Who doesn't know about Wikipedia by now? It is probably the largest collaborative free-licensed project on the web. Now a wiki is basically a web page that many people write and edit. The whole idea sounds a bit dubious really, but when the distinguished journal NATURE published an article comparing Wikipedia to Encyclopedia Britannica online, they found that Wikipedia was pretty accurate although Britannica was more accurate overall.
Wikipedia is updated by individuals who write on subjects that interest them. Because of this Wikipedia has pretty good coverage of popular culture and rapidly changing subjects such as computing.
But why does Wikipedia work better than other collaborative projects? The mission of Wikipedia is not too much different than H2G2, a MUD formed by Douglas Adams (the author of the Hitchhiker's guide to the galaxy) in April 1999. H2G2 was meant to be the repository of all human knowledge. But although H2G2 has a vibrant social community, its edited guide entries come nowhere near the 1,266,000 + articles of Wikipedia even though it is two years older.
Both Wikipedia and H2G2 have articles that are added by individuals interested in a topic regardless of their expertise. H2G2 has editors who review articles, and if they meet certain guidelines they elevate them to the edited guide. Almost all Wikipedia articles can be changed almost instantly by any contributor. This makes Wikipedia more succeptable to vandalism than H2G2 where edited articles are fixed in stone. However, this ability to change articles rapidly also means that a summary of the most recent Doctor Who episode can be up on the web the evening that it was first shown on TV.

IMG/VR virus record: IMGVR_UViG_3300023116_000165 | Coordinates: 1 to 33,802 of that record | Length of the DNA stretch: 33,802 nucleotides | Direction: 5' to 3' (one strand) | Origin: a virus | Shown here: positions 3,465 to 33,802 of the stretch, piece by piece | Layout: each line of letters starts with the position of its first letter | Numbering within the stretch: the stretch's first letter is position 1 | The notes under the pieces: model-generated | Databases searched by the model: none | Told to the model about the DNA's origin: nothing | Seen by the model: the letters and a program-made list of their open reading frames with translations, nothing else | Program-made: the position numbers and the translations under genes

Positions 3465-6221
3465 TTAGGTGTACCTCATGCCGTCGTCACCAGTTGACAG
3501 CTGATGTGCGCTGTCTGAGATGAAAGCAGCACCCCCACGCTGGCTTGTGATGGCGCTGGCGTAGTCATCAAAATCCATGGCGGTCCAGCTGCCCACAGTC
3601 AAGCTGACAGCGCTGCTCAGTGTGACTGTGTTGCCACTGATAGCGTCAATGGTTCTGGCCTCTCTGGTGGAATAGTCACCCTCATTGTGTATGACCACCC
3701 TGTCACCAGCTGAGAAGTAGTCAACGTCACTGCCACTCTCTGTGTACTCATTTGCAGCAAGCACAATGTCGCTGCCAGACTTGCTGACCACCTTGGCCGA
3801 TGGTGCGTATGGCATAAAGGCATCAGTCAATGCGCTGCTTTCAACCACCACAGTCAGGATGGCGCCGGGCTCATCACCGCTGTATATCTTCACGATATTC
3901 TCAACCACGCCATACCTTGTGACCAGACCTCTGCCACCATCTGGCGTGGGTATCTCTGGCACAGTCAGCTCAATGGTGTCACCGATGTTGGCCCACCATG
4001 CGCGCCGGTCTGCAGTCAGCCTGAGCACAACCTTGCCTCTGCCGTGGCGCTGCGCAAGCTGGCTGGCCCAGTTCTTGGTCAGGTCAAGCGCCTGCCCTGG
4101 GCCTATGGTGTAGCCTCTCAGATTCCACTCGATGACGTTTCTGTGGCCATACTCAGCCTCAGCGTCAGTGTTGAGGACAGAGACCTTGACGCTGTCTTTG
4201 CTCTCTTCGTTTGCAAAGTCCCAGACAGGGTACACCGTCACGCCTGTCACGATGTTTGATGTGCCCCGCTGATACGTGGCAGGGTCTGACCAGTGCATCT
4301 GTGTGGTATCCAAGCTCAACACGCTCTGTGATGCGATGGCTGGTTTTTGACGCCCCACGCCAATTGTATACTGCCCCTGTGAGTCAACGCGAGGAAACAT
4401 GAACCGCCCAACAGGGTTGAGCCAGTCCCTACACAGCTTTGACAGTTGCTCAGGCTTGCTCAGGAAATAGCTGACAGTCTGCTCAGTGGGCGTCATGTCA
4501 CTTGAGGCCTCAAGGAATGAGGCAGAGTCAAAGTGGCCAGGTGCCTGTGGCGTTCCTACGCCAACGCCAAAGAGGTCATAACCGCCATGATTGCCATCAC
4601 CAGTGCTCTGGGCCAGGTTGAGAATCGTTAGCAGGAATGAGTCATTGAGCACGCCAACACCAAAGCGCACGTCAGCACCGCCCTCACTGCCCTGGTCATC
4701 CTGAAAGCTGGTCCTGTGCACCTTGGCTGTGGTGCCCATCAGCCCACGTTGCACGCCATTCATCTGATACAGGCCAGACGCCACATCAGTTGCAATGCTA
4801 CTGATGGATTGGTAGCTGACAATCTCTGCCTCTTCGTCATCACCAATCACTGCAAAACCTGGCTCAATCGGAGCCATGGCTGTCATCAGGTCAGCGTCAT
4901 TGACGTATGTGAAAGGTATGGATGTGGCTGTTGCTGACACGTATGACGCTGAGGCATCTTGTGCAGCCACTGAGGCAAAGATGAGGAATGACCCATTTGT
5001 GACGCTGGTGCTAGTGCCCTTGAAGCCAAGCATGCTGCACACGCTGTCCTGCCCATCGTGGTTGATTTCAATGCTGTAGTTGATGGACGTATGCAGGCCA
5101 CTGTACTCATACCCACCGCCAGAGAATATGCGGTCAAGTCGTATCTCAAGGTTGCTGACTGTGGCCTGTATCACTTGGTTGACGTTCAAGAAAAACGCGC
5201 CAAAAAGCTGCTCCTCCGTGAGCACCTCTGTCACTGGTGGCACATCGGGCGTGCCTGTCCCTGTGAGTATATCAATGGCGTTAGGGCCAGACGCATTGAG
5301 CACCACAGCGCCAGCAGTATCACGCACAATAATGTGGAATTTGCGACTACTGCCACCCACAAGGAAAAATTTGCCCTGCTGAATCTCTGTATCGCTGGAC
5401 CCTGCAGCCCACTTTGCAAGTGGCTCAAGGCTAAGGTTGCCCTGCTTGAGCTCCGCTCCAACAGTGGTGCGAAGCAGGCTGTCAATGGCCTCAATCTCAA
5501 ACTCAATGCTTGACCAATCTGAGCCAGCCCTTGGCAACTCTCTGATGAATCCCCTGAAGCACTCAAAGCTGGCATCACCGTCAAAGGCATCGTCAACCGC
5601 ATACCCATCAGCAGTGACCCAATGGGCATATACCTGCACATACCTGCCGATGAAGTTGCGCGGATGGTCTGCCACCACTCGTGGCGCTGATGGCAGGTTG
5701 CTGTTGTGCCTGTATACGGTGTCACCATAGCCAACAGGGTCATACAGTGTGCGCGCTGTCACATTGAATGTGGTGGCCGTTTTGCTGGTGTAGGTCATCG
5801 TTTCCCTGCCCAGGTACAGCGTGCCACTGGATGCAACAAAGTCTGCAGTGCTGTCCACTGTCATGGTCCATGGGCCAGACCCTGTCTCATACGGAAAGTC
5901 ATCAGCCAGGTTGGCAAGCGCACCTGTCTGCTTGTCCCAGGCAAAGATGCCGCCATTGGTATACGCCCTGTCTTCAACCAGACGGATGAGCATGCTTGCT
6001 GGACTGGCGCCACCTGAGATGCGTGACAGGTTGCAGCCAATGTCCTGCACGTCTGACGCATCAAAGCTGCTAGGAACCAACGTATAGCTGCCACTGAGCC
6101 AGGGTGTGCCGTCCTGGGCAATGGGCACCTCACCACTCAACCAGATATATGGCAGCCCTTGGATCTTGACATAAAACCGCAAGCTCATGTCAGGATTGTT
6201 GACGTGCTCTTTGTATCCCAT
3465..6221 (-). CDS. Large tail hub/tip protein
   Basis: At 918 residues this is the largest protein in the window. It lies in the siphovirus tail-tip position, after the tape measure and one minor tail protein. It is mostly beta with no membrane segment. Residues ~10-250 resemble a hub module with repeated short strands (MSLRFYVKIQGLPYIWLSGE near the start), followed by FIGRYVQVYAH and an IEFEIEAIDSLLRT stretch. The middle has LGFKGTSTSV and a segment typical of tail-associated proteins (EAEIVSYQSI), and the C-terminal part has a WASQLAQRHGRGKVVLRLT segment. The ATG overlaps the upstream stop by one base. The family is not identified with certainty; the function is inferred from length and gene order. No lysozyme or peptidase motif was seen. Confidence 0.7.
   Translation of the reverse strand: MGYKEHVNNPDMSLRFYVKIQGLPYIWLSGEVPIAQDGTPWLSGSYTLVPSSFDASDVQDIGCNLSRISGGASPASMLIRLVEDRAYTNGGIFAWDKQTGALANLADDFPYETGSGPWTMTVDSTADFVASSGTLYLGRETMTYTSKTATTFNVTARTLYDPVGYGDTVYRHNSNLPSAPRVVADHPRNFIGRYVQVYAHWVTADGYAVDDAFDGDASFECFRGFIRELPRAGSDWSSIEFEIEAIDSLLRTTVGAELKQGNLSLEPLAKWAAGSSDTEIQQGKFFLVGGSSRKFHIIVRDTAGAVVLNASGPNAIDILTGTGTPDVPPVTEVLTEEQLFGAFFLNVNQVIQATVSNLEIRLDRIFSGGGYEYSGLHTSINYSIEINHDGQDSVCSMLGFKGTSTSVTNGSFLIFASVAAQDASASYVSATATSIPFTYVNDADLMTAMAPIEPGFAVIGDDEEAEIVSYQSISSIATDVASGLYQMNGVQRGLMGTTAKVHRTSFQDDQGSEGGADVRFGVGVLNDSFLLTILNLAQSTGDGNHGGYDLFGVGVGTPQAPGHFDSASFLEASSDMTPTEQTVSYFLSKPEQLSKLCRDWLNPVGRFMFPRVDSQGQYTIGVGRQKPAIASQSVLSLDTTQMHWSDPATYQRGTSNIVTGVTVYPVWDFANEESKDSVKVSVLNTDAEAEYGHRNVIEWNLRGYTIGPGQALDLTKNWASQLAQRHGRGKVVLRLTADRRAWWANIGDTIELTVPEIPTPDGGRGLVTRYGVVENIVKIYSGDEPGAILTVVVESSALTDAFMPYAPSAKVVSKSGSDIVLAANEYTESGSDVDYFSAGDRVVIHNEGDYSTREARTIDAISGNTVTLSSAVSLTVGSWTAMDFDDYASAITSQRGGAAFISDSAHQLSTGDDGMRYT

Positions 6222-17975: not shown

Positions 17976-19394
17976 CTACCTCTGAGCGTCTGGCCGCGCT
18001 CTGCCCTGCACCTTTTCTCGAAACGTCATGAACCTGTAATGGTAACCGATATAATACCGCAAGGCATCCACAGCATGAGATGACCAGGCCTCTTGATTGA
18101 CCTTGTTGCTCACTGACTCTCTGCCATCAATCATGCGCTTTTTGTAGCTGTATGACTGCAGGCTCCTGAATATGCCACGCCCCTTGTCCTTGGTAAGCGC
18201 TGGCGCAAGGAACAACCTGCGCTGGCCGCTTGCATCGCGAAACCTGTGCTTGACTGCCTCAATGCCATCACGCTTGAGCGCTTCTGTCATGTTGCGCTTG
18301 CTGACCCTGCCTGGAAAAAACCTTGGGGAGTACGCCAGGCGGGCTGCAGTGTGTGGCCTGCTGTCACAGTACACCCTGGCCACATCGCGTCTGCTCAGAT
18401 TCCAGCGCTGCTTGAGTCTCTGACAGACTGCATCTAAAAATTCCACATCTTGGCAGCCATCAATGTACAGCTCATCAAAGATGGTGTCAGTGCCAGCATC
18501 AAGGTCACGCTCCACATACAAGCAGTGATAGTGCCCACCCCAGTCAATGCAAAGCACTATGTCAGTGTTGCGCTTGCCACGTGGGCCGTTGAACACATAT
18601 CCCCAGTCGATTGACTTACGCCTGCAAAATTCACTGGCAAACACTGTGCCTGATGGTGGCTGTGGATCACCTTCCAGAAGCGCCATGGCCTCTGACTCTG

Is this rapid change what makes wikipedia work so well? What other factors are involved in it's success. In order to find out what makes Wikipedia tick, I decided to dive right in and become a Wikipedia contributor.
The first thing that I noticed is that the Wikipedia folks are ambitious. Wikipedia is just one project of the Wikimedia foundation. Some other projects include the Wiktionary (a free dictionary and thesaurus), Wikibooks (for textbooks and manuals), Wikinews, Wikiquote, Wikimedia commons (an image and other media repository), and Wikisource (a free content library of public domain documents). They also have editions in over 150 different languages.
In the next blogs I plan to try to figure out what makes Wikipedia so successful, and to explain how to contribute to this huge free-licensed project.